Steve Jones attended JavaOne recently and hears arguments about Web 2.0, SaaS, cloud computing, and social networking that ring true to those made circa-2000 by long-cold .com corpses. He writes of the "buzz" at the conference:
"Now in 2008 I got exactly the same feeling I had back then "umm really?", what I saw then and now was some potentially useful technologies and a few great business ideas applying the technologies but lots of crap business ideas based purely on the technology. Web 2.0, SaaS and Cloud Computing are all things that could be useful and there will be some business models that come out of them but lots of the current ideas are just hype and nonsense."
A wise old sage from my past, an astute businessman as well as a technologist, advised me back then that business success largely stems from embracing markets, not products or technologies looking for a market. A market exists or appears, and firms develop and compete to meet those needs. Developing the product or the technology first, and then hoping that a market shows up on your doorstep begging to buy, is more than risky, it is often no more than dreaming. Too bad a lot of otherwise competent dreamers erroneously use that as a business model.
Steve goes on to say: "I'm not saying that Web 2.0, SaaS and cloud computing aren't decent changes in the way IT works, what I'm saying is that this isn't an over-throw of the old world order and it is hard to see the numbers living up to the hype."
Here's an interesting bit of data that reinforces his comment: craigslist.org, the classified ad/community website, is estimated to take in $150 Million USD per year with 24 (that's right, 24) employees. That's approximately $6.25 M USD per employee, per year from a website that has been described as "having the visual appeal of a pipe wrench."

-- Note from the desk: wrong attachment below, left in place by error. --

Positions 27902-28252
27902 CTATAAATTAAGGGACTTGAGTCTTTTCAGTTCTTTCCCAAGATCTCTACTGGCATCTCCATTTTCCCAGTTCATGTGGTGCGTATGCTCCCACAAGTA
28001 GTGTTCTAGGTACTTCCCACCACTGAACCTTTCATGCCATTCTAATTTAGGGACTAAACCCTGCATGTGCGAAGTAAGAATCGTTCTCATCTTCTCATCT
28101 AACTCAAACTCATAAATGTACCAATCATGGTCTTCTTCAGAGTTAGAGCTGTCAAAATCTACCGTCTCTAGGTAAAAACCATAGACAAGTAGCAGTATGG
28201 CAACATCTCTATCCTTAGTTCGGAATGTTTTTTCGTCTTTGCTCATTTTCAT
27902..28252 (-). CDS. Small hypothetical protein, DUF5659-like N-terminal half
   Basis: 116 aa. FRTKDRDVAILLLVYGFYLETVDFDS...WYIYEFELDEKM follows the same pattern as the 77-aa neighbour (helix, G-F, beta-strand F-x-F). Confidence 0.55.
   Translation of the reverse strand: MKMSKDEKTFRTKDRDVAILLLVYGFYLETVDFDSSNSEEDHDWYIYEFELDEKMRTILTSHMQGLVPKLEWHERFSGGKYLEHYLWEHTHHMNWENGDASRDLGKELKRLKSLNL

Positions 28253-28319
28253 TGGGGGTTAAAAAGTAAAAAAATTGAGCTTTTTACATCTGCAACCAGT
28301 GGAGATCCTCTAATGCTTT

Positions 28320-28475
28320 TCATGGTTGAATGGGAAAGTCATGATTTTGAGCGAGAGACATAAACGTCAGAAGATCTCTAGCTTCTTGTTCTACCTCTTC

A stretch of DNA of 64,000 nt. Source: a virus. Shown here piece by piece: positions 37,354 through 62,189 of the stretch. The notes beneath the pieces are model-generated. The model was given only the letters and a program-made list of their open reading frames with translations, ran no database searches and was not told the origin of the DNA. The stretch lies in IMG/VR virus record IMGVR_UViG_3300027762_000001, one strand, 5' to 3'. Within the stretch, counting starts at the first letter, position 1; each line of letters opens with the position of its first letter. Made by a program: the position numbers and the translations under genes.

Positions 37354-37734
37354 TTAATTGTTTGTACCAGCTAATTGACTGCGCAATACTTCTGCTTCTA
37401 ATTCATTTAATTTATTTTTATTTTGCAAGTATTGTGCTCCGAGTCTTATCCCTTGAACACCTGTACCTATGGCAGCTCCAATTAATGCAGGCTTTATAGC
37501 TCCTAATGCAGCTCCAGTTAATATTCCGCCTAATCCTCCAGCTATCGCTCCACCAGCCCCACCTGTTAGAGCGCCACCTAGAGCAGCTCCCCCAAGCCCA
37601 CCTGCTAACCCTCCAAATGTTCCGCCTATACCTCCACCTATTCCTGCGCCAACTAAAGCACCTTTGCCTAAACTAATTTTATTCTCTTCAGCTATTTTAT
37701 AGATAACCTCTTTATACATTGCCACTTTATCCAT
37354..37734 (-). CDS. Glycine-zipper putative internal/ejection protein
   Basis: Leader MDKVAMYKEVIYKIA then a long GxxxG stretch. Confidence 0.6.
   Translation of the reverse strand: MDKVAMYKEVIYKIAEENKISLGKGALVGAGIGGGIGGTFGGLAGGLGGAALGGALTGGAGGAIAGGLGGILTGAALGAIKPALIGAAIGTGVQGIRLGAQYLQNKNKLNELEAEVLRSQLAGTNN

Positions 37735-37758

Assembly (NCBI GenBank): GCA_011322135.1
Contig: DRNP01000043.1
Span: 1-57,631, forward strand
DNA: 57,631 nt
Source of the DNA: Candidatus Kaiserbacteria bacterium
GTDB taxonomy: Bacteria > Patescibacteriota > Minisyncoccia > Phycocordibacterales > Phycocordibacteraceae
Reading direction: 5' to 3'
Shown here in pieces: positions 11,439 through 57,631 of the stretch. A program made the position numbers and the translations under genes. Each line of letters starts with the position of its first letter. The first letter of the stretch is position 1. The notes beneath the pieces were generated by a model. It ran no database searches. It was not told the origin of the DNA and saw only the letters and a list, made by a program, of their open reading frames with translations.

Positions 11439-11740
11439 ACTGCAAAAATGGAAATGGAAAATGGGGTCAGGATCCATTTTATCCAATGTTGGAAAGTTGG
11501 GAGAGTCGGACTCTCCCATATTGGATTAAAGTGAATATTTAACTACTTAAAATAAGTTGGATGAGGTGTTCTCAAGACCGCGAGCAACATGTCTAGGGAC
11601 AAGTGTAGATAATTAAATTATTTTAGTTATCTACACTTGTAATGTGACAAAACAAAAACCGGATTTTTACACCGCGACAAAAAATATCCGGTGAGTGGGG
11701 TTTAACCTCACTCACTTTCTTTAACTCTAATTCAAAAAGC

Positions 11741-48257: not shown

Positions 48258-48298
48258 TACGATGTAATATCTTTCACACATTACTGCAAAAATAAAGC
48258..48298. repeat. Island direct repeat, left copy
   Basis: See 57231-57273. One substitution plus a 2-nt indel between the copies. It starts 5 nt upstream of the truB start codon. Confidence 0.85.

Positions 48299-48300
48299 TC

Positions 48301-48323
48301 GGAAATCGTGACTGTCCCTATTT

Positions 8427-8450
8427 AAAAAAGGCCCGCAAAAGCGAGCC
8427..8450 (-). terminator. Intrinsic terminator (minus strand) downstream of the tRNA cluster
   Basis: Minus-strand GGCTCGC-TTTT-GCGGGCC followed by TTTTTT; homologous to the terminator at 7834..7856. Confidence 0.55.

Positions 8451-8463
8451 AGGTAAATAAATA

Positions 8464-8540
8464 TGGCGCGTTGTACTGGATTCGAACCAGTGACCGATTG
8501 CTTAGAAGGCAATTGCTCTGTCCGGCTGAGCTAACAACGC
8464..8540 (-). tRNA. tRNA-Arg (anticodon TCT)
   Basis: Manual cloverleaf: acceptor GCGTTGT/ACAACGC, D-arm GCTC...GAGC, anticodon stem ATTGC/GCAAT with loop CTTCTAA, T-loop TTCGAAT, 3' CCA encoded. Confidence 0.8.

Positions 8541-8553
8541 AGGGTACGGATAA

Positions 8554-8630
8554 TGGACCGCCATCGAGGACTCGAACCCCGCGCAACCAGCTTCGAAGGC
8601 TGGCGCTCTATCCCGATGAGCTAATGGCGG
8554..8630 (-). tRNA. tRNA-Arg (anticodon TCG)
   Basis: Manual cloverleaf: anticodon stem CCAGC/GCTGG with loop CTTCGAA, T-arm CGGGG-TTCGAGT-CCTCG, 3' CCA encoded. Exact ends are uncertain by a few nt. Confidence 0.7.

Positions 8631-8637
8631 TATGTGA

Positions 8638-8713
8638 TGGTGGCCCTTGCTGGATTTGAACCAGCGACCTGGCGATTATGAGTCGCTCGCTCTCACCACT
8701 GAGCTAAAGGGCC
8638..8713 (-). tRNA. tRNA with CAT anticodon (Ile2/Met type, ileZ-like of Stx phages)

Now, lets look at one of the poster children of Web 2.0, whiz-bang interface technology: Facebook. TechCrunch reported early in 2008 that Facebook's 2007 revenue is estimated at $150 M, but it has over 150 employees, and counting (the employees, that is).
Craigslist might have the "visual appeal of a pipewrench," but it is difficult to argue with the above math. What they did successfully at Craigslist was to offer a viable alternative to local newspaper classified advertising. Competing in, and in a way, redefining, an established market - that for short-term locally-based advertising by individuals or small businesses. Not only is that market established, but it is sustainable long-term. Technology by itself, focused on a narrow niche, is always replaced by something else, and nowadays, usually very quickly.
I agree that, as Steve relates, Web 2.0/SaaS/etc. are great technologies, but aren't sustainable markets in and of themselves. The real test of that statement aren't abused metrics such as "eyeballs" and click-thru rates on ads. Rather, as boring as it may appear, it's cash flow and profit based on servicing markets sustainable longer than a few years.
If you're going to be seduced, get seduced by markets, then apply the technology to serve those markets, not the other way around.